Sharing energy innovations through an international network

The results from projects related to renewable energy and energy efficiency are now being highlighted in an international cluster project.

Innovations and experiments related to wind power, heating and the recovery of waste are presented. The cooperation between nine countries and 20 implementers has been smooth and productive.

In July 2021, the University of Oulu, Centria University of Applied Sciences and the Irish ERNACT network launched a project to promote regional energy efficiency and awareness. GREENER (CLUSTERING REMOTE REGIONS for ENERGY RESILIENCE and GROWTH) aims to provide information on the latest energy solutions and best practices to households, public bodies, businesses and authorities, increasing regional competitiveness and well-being.

The project is coordinated by the ERNACT network. In addition to Centria and the University of Oulu as partial implementers, the project involves 20 other partners from Sweden, Northern Ireland, Scotland, Iceland, the Faeroe Islands, Norway, Germany and Canada. The aim of the partnership network is to connect end users between regions and increase cooperation between countries.

Good collaboration

The cooperation is running smoothly. Finland and Ireland are similar democracies: small EU countries the population of which lives in small and medium-sized cities and in rural areas, with the exception of the capital regions. Both countries have areas covered by the Northern Periphery and Arctic (NPA) programme. Tertiary education is also very similar. Finnish technology universities are of the same size as the corresponding Irish institutes of technology. This gives us the opportunity to collaborate on similar projects, combining our resources. Technology production, tourism and culture are important sectors for both of our countries, says Programme Manager Anne Marie McLaughlin

Our Finnish colleagues are reliable partners and very proactive in the digital transformation and innovations. For ERNACT, Finland has been an important source of good practices. In particular, we have learned a lot from the innovation ecosystems created in Finland that involve close cooperation between higher education institutions, companies and the public sector. The expansion of high-speed broadband connections to rural areas also set a good example for Ireland, McLaughlin praises.

The objective of the cluster project is to disseminate the information accumulated in three projects to a wider audience than would be possible in a single project. This will further increase the international awareness of our research team and project partners. By monitoring the procedures, research work and good practices of other partners, we will gain new perspectives as well as a boost to our own activities. Networking is a prerequisite for working as a researcher. The project also connects the networks of other partners to our network either directly or indirectly, says Project Manager Markku Kananen from the University of Oulu.

We were very pleased when ERNACT and the University of Oulu contacted us and asked us to participate in the joint project. It has been nice to note that the LECO project, focusing on energy communities and previously carried out by us, has been noticed both in Finland and around the world, and people have appreciated the work we have done. The transfer of good practices related to energy efficiency and the promotion of the use of renewable energy are very important, and now the GREENER project offers us an excellent opportunity to do so. By combining the results achieved in three different projects, we will increase impact and reach stakeholders more extensively, says RDI Coordinator Heidi Kanala-Salminen from Centria University of Applied Sciences.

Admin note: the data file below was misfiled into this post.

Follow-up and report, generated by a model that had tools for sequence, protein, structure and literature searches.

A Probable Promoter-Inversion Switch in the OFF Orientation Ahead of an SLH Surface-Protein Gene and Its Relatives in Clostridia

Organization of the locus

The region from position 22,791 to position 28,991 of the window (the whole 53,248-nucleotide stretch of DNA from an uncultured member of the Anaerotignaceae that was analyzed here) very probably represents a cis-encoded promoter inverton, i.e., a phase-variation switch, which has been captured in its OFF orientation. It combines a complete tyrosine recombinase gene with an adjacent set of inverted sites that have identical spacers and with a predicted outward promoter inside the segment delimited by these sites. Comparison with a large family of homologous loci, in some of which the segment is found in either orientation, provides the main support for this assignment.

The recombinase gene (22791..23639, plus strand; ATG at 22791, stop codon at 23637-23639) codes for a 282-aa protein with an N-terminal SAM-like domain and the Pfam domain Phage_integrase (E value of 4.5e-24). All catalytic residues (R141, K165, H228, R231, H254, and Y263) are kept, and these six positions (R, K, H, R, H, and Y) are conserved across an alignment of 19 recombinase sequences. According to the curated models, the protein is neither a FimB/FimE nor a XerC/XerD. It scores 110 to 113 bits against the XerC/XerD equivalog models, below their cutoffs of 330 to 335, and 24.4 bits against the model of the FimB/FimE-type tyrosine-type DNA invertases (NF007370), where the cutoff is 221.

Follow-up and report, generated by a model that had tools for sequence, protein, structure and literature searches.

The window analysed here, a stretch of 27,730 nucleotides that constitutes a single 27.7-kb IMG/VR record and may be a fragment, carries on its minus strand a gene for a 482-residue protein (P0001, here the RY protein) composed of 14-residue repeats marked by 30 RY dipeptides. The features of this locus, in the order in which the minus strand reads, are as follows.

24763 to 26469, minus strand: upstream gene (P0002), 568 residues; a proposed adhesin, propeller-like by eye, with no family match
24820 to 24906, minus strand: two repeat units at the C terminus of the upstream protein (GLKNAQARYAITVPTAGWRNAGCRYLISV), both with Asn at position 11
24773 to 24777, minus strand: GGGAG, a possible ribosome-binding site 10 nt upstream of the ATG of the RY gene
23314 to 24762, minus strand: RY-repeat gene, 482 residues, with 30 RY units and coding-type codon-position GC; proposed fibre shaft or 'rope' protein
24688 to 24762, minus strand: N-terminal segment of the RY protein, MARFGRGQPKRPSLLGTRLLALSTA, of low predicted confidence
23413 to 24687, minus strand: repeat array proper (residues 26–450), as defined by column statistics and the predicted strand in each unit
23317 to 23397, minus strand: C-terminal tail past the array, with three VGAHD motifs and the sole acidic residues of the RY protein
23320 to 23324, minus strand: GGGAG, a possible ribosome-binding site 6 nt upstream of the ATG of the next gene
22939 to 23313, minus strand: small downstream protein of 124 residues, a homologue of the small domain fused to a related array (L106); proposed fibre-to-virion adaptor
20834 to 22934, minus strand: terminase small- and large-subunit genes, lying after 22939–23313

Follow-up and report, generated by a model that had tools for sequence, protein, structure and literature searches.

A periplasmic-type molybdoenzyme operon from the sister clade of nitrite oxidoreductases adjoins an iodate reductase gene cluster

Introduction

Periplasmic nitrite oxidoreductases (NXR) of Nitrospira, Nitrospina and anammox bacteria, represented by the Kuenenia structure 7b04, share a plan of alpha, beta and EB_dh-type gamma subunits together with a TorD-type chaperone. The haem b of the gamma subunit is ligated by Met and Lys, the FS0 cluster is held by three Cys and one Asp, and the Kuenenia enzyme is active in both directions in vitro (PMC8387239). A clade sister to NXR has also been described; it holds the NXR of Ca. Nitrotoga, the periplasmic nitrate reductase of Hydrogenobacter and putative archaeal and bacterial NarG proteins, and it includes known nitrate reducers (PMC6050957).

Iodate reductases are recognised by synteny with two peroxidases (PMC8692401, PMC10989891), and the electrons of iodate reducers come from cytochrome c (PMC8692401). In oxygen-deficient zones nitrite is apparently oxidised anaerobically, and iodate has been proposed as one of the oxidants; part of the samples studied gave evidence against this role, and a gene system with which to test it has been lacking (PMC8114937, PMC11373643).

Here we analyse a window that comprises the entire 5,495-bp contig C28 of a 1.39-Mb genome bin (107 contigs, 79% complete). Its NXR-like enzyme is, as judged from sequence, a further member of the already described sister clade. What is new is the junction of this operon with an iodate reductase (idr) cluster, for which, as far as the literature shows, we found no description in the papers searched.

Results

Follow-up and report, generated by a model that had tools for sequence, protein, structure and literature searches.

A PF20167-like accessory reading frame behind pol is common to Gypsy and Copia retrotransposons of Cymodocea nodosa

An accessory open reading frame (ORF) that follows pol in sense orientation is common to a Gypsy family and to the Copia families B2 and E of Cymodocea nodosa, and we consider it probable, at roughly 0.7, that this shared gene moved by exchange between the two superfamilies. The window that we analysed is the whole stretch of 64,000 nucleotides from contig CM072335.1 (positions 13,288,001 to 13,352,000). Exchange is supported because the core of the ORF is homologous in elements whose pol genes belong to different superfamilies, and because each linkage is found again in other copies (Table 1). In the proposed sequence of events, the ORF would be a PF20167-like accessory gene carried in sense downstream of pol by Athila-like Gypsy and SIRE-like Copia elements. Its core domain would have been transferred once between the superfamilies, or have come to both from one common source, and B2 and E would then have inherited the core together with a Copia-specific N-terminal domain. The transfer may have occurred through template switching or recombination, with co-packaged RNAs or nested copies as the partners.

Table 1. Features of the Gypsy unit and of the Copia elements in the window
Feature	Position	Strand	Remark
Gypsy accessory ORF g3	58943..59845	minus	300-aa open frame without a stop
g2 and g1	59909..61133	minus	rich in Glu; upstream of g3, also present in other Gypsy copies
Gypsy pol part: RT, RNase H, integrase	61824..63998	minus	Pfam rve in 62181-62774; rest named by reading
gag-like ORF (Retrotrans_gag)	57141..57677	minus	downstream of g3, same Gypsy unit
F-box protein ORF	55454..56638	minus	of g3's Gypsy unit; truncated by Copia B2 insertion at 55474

It is interesting to hear our project partners’ examples of the development and implementation of renewable energy. We hope that the target groups of our projects will be inspired by these examples and continue to use the information they have received also in our own region, Kanala-Salminen continues.

Making heating sustainable

Markku Kananen has been monitoring the energy consumption of a detached house. After the installation of a geothermal heat pump, the electricity consumption in the property in Oulu dropped to less than half. Thanks to solar collectors, it is not necessary to use other means to produce domestic hot water for a four-person family living in Ylivieska from late spring to early autumn.

Before this, wood was burned in the boiler to produce warm domestic water also in summer, and the burning process unnecessarily increased the temperature inside the building. Thanks to the solar collectors, wood is also saved for the actual heating season, house owner Mika Puirava says.

At the spring water drinking plant Finn Spring in Toholampi, in turn, holes have been diligently drilled in the rock under the grain field, where the waste heat produced in the summer is stored for the purposes of heating during the winter. On hot days, the additional advantage is that the internal temperature of the factory building decreases, as the transfer of waste heat to the underground storage cools the property. As a result of the pilot project, the company is considering giving up district heating.

Electricity from biowaste for the entire village

The gasification equipment installed on the trailer of the University of Iceland converts organic waste into synthetic gas. The gas is used to run an internal combustion engine that drives a generator, producing so much electricity that it could, at its best, meet the needs of a small village. The heat produced by the internal combustion engine is used to heat the premises and, if this is not needed, it can be used for purposes such as drying waste for incineration. Waste was previously incinerated in remote areas. Professor Rúnar Unnþórsson explains that the Icelandic incinerators have been closed for several years due to dioxin pollution. Dioxins have been found to cause liver damage and cancer, among other things, and they have very long environmental persistence.